Leslie's Guiding History Site


Trefoil Guild Wear

You will notice that this page is named differently to the other 'clothing' pages on the website.  Deliberately so.  For in the UK at least, the Trefoil Guild has never had uniform, and that continues to be the case to this day.  Certainly, there used to be distinguishing marks.  And in more recent decades, a range of garments have been available.  But that's the thing - there was the armlet, the badge, and then the garments in red or blue or beige - but they were always optional and were never uniform, something which Trefoil Guild members were determined to maintain.  As such, in this section I can introduce you to some of the distinguishing marks or optional items, but these should be viewed in context - as things which people may have opted to wear in given eras, but would as likely not have . . .

Before there was Trefoil Guild, there were 'Old Guides' - yes, long before Trefoil Guild started in 1943.  For although the Ranger section had no upper age limit, and Rangers in their 20's, sometimes 30s, and in a few cases beyond, were known - most girls reached an age and stage when they felt it was time to move on.  If Guides was preparing you for active citizenship, and Rangers was preparing you to take your skills and interests into a wider world - then there had to come a time when you were as prepared as you were ever going to be, and you ought to stop training for it, and go get on and do it!  

At the same time, not everyone could be a Guider or Commissioner, and yet with the training the Guides and Rangers had received, there was a desire to keep the 'graduates' of Guiding in touch with the movement, so the "Society of Old Guiders" was formed in 1925, and later Guidons, who became "Old Guides", were formed.  "Old Guides" members who had been previously warranted as a Guiding Secretary, Commissioner or Guider were permitted to wear Guider uniform, with an "Old Guide" cockade in the hat - navy blue with a green and a red stripe - and an "Old Guide" tie, in navy, green and red stripe.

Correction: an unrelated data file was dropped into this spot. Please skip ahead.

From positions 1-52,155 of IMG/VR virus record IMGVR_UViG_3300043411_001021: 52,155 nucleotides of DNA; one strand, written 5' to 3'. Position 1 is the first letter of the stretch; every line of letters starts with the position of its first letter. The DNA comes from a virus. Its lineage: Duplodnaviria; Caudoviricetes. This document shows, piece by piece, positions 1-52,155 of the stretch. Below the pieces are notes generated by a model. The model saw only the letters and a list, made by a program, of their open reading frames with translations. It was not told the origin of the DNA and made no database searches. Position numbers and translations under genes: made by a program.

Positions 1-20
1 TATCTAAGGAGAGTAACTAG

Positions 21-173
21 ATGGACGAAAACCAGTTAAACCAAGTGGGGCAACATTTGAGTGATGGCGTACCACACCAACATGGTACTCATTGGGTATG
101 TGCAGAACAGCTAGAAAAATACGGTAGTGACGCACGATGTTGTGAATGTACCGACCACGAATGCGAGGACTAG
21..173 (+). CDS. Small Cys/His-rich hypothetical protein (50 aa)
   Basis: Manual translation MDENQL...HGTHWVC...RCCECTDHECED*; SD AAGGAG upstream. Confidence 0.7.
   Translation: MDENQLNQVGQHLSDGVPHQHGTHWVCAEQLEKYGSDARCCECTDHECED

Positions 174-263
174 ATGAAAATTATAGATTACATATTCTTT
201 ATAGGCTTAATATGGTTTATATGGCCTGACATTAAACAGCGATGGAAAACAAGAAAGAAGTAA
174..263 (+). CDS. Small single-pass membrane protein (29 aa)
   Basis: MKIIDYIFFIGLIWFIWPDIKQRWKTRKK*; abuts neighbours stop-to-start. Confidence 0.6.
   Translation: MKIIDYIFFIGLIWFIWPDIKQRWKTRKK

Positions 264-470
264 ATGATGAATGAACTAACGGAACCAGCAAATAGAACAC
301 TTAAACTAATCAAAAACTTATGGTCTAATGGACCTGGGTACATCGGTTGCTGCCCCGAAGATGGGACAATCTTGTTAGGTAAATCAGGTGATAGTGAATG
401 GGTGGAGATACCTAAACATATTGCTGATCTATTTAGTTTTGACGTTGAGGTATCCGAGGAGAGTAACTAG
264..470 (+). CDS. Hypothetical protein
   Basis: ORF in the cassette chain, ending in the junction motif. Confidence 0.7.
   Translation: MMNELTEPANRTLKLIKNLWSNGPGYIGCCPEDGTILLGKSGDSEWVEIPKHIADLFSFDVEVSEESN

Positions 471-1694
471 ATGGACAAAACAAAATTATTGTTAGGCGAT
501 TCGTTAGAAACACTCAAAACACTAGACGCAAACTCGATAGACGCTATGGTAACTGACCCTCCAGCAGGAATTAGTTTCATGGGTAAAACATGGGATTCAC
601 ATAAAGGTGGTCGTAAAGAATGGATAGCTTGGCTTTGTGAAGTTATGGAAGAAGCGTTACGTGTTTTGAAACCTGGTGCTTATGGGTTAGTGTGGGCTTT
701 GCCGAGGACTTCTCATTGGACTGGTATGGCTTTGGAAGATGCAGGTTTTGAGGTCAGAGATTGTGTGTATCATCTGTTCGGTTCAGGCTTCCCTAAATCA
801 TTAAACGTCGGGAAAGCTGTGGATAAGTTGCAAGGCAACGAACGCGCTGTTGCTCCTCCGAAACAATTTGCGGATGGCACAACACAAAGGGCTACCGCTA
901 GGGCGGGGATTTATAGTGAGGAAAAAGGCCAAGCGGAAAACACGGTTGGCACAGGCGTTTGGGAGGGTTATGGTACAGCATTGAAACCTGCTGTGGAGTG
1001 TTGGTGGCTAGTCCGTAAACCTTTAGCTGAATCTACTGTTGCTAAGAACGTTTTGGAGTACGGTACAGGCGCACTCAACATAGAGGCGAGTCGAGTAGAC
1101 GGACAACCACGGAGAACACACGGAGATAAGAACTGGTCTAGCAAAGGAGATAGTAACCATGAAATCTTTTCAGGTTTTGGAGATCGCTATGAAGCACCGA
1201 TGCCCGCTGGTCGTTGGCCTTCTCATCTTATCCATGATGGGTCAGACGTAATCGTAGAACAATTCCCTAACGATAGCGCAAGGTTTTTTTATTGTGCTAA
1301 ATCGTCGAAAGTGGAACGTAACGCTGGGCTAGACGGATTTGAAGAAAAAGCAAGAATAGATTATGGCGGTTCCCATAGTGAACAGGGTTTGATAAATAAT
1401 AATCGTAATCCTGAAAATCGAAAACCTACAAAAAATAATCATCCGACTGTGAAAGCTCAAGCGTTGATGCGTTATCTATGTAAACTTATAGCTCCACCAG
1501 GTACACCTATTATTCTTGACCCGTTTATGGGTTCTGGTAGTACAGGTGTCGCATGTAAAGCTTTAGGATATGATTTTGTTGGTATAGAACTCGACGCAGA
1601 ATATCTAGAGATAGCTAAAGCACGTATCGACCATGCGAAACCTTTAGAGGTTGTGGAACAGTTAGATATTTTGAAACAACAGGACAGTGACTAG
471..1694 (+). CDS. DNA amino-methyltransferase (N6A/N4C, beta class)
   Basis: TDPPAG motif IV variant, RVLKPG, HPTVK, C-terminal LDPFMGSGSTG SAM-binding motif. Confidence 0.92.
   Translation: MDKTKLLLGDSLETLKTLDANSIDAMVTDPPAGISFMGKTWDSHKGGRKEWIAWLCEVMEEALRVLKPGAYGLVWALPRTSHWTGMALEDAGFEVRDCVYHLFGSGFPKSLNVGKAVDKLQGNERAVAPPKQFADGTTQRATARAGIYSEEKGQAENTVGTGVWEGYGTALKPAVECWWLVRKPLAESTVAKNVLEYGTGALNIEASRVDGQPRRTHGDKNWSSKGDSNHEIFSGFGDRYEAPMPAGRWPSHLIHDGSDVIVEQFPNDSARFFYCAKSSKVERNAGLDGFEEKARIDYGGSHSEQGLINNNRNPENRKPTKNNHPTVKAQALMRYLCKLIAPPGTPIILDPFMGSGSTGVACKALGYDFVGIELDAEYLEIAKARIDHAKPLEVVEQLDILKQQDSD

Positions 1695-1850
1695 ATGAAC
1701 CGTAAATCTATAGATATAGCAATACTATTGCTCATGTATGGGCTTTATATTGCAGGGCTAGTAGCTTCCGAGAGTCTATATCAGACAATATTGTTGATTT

It was in 1943 that Trefoil Guild was set up.  They were set up as an organisation which would be independent of Guiding, and as such, they did not wear Guiding Uniform.  The one distinguishing mark which was permitted, apart from the Tenderfoot badge, was a Trefoil Guild armband, which could be worn over the sleeve of clothing.  

These armbands do not appear to have been widely worn, and from then until the 2000s, the sole official distinguishing mark of Trefoil Guild members was their Promise Badge.

Of course, some individual Guilds opted to have leisurewear made for their members, especially from the 1980s onwards - often polo shirts or sweatshirts or neckerchiefs in either blue or red - but these were isolated groups making their own personal choices, not anything nationally recognised.  It was regularly made clear that Trefoil Guild was a non-uniformed group.

With the coming of Badge Tabs for Guiders in 1990, there was some pressure from Trefoil Guild members to introduce the option of a badge tab for them, so a tab was introduced, initially in red fabric, with gold lettering embroidered.  As the first tab design had no pin, it was up to members to attach it to clothing as they wished, either from behind with a safety pin, or by pinning their Promise Badge through both the tab and the fabric of garment below.  

Soon, a more regular badge tab with a pin was introduced, but it continued to be the case that the tabs were the only official wear item until the mid-2000s.

In the mid-2000s, optional clothing items for Trefoil Guild members were introduced by the Guiding Trading Service.  There was a polo shirt in either beige or red, a silky scarf with a red and blue pattern, and what was termed a 'jacket' - a longline knitted cardigan-style garment, in either red or mid-blue.  Though the chunky knit meant the garment could be warm, the difficulty was that it came as one standard length for all, which meant that on some members it didn't reach too far past the waist, whereas on others it was almost knee-length.  

By the mid-2010s the knitted jacket had been replaced by a zipped top in sweatshirt fabric, and following the introduction of a new lightweight large grey scarf in 2019, pressure from younger members in particular resulted in the introduction of the alternative option of a Trefoil Guild necker, in red with a gold-coloured edging, and with a logo embroidered in white on the back.  This was followed in 2021 by a fleece jacket, in blue.

But, as we said at the start, all of these are optional options.  Some members may choose to wear them, some may choose to get their own locally made garments made for their Guild, some members may choose not to wear any of these.  For Trefoil Guild is, and remains, a non-uniformed organisation.